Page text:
For all his faults he is a very gentle horse and has never so much as pinned his ears at a human that I've witnessed. I've just come to accept that's who he is. He's like how Manes described it, he doesn't want to be touched but if you do he likes it if you're pressed against him and he likes to follow you around at a safe distance. Good horse, just not cuddly.
     
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  9. lucky_pine

    lucky_pine Senior Member

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    I've only owned one, and while she was solid and dependable under saddle, I really hated her ground presence. Wasn't a fan and didn't keep her around much more than 6 months or so. I don't tip toe around my horses and I don't want a horse that can't be entirely comfortable with me.

    And she was like that with everyone. Head up, looking everywhere, didn't matter how many times or how you did it, when you approached her she would jump, and kept both eyes and both ears on you at all times. Stood great for mounting, and would pack you through anything and go anywhere you asked her to. She packed me through mud that was over her knees with zero hesitation when I misguided her. Honest, honest horse under saddle. Would kick your teeth in if you didn't give her a fair chance to give you the once over while on the ground.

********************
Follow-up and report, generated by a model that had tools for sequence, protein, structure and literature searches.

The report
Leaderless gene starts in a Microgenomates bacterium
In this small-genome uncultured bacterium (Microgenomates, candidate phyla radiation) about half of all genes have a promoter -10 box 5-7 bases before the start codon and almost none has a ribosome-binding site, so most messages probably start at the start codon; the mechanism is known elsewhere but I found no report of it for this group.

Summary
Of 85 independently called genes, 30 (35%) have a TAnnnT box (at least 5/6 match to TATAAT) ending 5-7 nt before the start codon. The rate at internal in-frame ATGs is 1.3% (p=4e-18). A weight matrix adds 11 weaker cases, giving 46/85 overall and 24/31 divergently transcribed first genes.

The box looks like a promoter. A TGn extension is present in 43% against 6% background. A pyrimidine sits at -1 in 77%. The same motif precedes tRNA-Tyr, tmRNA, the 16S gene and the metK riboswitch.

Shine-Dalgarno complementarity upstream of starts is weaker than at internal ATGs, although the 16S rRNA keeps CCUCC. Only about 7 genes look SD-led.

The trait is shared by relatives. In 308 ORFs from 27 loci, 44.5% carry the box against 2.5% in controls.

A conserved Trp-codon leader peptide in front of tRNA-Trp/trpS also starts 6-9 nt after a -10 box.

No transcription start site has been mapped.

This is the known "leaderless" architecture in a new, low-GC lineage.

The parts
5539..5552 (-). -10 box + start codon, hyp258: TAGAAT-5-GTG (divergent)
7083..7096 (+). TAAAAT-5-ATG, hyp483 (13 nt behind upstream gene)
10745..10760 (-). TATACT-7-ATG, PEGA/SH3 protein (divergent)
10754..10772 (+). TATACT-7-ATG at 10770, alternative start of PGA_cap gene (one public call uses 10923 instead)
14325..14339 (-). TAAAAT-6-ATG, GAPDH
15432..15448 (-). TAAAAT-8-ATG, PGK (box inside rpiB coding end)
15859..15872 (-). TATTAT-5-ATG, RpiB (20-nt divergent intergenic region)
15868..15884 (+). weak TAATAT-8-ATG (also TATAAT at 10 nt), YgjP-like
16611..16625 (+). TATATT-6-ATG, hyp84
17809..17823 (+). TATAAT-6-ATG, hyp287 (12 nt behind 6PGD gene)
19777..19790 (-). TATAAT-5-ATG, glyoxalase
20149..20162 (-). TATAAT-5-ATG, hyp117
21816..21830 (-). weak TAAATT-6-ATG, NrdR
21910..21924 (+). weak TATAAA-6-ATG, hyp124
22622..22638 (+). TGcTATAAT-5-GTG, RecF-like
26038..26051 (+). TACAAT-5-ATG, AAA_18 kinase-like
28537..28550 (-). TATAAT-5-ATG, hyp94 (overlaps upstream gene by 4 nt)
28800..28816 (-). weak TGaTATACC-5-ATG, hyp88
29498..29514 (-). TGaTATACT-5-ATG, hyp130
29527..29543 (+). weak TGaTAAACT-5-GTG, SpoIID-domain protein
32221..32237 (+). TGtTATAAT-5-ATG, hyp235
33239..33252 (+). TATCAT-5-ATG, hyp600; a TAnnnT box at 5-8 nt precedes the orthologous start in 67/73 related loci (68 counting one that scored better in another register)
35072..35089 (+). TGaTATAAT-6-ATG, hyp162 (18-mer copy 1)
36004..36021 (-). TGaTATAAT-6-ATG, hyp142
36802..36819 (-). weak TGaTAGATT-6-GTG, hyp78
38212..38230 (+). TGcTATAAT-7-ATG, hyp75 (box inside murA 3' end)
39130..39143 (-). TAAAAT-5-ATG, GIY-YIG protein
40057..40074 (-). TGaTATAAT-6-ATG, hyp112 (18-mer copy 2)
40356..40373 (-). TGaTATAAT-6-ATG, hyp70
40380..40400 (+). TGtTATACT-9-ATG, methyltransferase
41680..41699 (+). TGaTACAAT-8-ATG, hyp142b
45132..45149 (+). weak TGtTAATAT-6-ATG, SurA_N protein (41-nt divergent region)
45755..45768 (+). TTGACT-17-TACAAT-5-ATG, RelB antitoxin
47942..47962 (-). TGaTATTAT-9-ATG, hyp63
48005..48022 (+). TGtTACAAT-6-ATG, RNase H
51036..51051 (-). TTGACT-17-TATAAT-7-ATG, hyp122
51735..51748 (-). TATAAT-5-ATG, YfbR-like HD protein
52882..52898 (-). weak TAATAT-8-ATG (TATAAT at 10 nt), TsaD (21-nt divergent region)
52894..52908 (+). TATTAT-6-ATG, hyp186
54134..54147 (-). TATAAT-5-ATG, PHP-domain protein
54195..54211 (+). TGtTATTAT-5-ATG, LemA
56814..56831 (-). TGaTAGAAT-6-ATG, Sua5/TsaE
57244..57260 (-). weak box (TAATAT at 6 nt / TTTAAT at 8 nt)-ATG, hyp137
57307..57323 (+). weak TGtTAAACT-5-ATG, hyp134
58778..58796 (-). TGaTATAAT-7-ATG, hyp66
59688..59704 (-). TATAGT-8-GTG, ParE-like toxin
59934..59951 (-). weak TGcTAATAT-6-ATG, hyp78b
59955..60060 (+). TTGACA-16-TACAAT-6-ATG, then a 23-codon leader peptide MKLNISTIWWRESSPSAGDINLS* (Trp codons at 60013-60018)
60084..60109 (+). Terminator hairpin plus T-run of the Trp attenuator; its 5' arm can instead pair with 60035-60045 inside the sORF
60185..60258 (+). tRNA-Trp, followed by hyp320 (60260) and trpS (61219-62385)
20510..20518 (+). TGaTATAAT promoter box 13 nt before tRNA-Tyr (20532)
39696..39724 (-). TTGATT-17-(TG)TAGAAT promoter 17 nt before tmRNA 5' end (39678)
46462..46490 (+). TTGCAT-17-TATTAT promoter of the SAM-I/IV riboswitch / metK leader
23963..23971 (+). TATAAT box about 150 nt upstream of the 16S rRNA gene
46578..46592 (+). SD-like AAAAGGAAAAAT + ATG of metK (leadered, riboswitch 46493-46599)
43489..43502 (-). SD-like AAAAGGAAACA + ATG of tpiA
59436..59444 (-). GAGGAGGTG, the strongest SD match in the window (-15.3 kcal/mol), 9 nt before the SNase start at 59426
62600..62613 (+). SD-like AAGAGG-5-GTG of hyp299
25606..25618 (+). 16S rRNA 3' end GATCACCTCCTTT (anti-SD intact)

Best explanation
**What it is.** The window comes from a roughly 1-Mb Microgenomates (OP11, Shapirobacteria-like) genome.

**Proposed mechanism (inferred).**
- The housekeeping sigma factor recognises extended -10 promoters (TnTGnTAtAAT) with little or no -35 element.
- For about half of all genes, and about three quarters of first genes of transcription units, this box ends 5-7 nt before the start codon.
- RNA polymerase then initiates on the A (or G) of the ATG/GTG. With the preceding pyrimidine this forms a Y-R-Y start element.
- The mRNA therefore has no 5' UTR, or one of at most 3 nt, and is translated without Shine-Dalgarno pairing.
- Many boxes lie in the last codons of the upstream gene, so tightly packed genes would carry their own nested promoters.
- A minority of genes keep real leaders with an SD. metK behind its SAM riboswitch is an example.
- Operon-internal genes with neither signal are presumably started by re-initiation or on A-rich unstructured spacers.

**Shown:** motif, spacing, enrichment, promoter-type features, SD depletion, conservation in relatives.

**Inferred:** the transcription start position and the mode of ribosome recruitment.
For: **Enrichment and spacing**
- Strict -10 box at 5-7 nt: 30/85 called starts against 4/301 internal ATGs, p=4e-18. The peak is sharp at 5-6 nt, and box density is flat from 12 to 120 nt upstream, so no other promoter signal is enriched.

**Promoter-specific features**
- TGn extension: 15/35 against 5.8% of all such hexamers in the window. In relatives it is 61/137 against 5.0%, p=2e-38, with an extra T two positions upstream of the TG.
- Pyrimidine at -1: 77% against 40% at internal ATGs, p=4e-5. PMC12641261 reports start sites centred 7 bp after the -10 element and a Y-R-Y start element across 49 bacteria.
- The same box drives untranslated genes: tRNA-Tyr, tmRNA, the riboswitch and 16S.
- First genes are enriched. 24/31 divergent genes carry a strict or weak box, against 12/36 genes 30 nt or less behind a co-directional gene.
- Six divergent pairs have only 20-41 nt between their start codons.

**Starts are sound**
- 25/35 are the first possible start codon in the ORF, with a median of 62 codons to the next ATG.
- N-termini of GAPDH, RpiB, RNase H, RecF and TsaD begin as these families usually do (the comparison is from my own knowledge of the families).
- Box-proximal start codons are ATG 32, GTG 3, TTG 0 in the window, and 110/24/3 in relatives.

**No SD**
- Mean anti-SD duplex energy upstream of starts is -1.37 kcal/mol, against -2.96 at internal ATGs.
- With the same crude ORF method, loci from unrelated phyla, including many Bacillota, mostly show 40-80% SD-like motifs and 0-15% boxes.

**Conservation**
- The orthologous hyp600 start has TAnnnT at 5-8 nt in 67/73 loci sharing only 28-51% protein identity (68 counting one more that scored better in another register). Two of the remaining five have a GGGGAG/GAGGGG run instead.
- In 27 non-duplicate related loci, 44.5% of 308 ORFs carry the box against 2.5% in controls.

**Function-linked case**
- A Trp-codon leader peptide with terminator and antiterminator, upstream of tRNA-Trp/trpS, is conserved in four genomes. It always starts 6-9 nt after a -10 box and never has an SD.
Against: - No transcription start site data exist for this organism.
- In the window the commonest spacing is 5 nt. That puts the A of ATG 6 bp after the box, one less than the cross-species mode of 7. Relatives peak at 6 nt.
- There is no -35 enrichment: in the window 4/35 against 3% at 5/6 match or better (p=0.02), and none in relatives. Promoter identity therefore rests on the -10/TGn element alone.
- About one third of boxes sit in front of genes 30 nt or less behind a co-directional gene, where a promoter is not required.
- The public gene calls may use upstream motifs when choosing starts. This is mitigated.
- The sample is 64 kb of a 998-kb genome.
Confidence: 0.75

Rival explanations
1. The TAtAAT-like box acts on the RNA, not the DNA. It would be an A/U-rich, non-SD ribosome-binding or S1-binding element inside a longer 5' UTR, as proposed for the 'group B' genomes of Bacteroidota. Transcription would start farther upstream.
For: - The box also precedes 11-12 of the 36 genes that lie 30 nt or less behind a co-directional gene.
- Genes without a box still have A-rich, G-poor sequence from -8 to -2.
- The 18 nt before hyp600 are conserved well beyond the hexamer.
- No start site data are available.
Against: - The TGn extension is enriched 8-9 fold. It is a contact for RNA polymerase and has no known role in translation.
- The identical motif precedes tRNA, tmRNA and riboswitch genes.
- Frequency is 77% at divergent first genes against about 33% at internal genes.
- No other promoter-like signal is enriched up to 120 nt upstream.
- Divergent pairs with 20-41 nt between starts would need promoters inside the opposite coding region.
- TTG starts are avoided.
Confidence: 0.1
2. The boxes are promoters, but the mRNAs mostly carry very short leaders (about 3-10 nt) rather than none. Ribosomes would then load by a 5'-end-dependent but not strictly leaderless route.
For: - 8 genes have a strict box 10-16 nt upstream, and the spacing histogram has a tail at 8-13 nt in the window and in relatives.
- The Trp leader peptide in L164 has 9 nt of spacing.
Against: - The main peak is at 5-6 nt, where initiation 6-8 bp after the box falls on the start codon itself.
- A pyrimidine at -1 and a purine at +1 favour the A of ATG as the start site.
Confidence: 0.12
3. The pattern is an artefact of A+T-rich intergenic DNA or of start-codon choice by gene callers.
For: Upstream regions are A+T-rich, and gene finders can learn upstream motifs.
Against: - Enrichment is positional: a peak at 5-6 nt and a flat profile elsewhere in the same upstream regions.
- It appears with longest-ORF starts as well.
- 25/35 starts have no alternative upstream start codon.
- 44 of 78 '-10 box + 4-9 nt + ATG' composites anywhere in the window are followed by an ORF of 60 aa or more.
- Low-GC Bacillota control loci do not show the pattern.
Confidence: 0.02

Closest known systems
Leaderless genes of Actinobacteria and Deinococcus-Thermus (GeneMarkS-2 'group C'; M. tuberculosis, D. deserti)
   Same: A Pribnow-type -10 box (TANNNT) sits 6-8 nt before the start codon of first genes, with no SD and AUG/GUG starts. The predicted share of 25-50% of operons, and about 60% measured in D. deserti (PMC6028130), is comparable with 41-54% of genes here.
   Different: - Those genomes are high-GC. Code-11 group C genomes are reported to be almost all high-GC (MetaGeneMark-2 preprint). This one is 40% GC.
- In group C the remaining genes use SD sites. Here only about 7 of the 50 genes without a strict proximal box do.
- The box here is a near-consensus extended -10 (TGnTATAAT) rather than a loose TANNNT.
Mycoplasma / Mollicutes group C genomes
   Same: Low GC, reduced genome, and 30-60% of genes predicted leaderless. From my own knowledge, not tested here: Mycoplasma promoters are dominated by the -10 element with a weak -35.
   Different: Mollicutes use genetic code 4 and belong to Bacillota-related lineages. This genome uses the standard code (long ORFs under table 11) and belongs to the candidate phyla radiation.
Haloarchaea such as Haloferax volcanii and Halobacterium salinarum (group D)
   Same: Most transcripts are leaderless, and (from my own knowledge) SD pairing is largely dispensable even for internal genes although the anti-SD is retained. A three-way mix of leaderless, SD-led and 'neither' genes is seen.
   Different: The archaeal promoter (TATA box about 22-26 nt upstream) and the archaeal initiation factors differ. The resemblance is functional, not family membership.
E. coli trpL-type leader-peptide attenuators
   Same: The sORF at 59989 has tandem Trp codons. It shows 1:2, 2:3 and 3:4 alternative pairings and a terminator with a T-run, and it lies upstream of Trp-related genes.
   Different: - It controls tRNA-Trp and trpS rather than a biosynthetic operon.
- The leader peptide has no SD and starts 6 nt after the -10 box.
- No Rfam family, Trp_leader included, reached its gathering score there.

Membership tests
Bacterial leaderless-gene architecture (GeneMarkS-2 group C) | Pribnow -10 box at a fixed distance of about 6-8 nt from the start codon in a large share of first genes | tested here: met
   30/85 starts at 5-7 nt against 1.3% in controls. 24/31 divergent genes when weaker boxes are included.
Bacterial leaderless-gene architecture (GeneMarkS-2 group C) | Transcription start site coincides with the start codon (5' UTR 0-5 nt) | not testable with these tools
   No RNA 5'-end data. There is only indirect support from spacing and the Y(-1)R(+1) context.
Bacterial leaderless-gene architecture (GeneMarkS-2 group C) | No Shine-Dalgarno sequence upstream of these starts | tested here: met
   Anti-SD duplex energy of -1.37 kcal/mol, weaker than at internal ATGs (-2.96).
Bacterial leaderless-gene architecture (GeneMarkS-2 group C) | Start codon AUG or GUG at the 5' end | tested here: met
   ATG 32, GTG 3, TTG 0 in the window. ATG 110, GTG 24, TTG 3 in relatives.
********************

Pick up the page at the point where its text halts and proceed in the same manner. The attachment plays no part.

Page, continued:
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  10. DunsNPallys

    DunsNPallys Senior Member

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    It's very cool to hear others' experiences! I've never known so many people to be okay (or even like) a watchy horse. Kind of cool to see a difference in preference from what I'm used to. I was worried if I ended up selling this filly, that I'd struggle to find her a home since she's watchy but maybe it wouldn't be such a hiccup after all! Of course - fingers crossed I am able to keep her indefinitely!! She's doing really well. I've taken to not staring at her when I walk up to her and she's been good. I've also tried to have somewhat of a routine and she's starting to get used to that.

    If her only problem is going to be a hand on her, that's fine with me lol! She's not spooked by anything else, and that was the important thing to me because she's going to be a tough and loud line of work.